Many business owners dread writing collection letters and formal apologies for fear of alienating or further offending their customers. In both cases, you must address an important concern and at the same time maintain customer goodwill. Once you understand a few underlying principles about writing problem-solution letters, you'll learn how these types of letters can be written in a way that generates goodwill.
Problem Solution Letter Format and Style
It might be helpful to think of a problem-solution letter as a miniature essay written in a business letter format. Follow the same format, adopt the same style and use the same 12-point Times New Roman font as you would in any business letter. The only changes you should make are in the words used in the body and closing sections. Most problem-solution letters also include enclosures. Indicate this by typing “Enclosures” one line below the closing and then list the name of each document you are including with the letter.
Emphasize Positive Words
Short, direct and personalized letters reduce the chance for misunderstandings and are often the most effective. In addition, words with a positive twist are more likely to produce a positive response. The Purdue University Online Writing Lab suggests that you avoid words and phrases such as “unfortunately,” “unable to,” “problem” and “failure,” which convey unpleasant facts. Instead, emphasize what you can or are willing to do rather than what you cannot or will not do.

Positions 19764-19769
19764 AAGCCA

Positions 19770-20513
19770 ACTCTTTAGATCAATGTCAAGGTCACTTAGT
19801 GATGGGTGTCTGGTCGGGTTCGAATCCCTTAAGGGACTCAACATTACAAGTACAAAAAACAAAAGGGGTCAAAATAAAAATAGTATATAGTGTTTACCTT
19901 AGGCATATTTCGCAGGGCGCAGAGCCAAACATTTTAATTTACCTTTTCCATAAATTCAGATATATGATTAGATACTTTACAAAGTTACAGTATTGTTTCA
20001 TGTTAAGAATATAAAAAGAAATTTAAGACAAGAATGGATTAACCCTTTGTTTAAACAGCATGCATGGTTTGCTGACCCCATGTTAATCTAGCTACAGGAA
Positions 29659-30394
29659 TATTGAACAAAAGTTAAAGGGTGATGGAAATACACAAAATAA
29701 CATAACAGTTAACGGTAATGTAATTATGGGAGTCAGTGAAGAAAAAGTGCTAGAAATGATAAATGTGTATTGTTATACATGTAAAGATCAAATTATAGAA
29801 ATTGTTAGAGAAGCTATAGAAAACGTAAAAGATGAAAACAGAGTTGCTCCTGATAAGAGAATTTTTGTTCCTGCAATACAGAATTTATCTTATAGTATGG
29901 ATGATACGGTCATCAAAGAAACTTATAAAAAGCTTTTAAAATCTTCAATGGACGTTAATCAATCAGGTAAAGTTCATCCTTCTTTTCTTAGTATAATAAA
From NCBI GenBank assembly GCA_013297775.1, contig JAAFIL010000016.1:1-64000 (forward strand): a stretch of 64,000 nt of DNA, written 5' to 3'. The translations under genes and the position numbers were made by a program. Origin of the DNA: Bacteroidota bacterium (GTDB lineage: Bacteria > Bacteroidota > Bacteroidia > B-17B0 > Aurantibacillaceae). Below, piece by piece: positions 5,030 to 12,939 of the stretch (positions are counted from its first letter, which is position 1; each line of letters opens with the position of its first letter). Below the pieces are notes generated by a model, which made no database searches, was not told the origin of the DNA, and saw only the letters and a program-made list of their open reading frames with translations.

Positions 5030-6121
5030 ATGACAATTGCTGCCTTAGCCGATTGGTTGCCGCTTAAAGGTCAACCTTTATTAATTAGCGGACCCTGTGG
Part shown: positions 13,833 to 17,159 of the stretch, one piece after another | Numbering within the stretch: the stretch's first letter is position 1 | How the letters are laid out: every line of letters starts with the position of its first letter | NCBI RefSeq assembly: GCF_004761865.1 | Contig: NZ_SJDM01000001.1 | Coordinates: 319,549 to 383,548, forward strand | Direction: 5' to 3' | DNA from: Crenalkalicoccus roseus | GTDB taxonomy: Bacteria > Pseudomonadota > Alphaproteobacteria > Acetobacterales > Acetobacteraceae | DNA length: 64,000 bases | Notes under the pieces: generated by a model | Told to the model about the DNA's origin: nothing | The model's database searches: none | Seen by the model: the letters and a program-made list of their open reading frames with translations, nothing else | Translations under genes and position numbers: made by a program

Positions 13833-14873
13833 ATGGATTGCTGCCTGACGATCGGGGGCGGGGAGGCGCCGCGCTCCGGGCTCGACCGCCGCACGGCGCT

Opening and Closing Statements
Open and close the letter with simple, direct statements. An opening statement such as “Thank you for taking the time to explain your concern about …” references and identifies the problem. Close with a statement that emphasizes your desire to preserve the relationship. Statements such as "We value your business" or "We recommit to providing the high-quality customer service you expect from our company" are two common examples.
Request to Solve a Problem
In the first body paragraph, reference relevant background information and any previous communications to show that you understand the customer's concern. Offer a clear, specific solution to the problem – including goodwill gestures and actions you’ve already taken or plan to take – in the third paragraph.
For example, if you’re writing a first-request collection letter, note the customer’s previous good payment record, but remind the customer about payment due dates. As a solution, offer to work with the customer to set up alternate payment arrangements or extend the payment date in exchange for a return phone call.
Based in Green Bay, Wisc., Jackie Lohrey has been writing professionally since 2009. In addition to writing web content and training manuals for small business clients and nonprofit organizations, including ERA Realtors and the Bay Area Humane Society, Lohrey also works as a finance data analyst for a global business outsourcing company.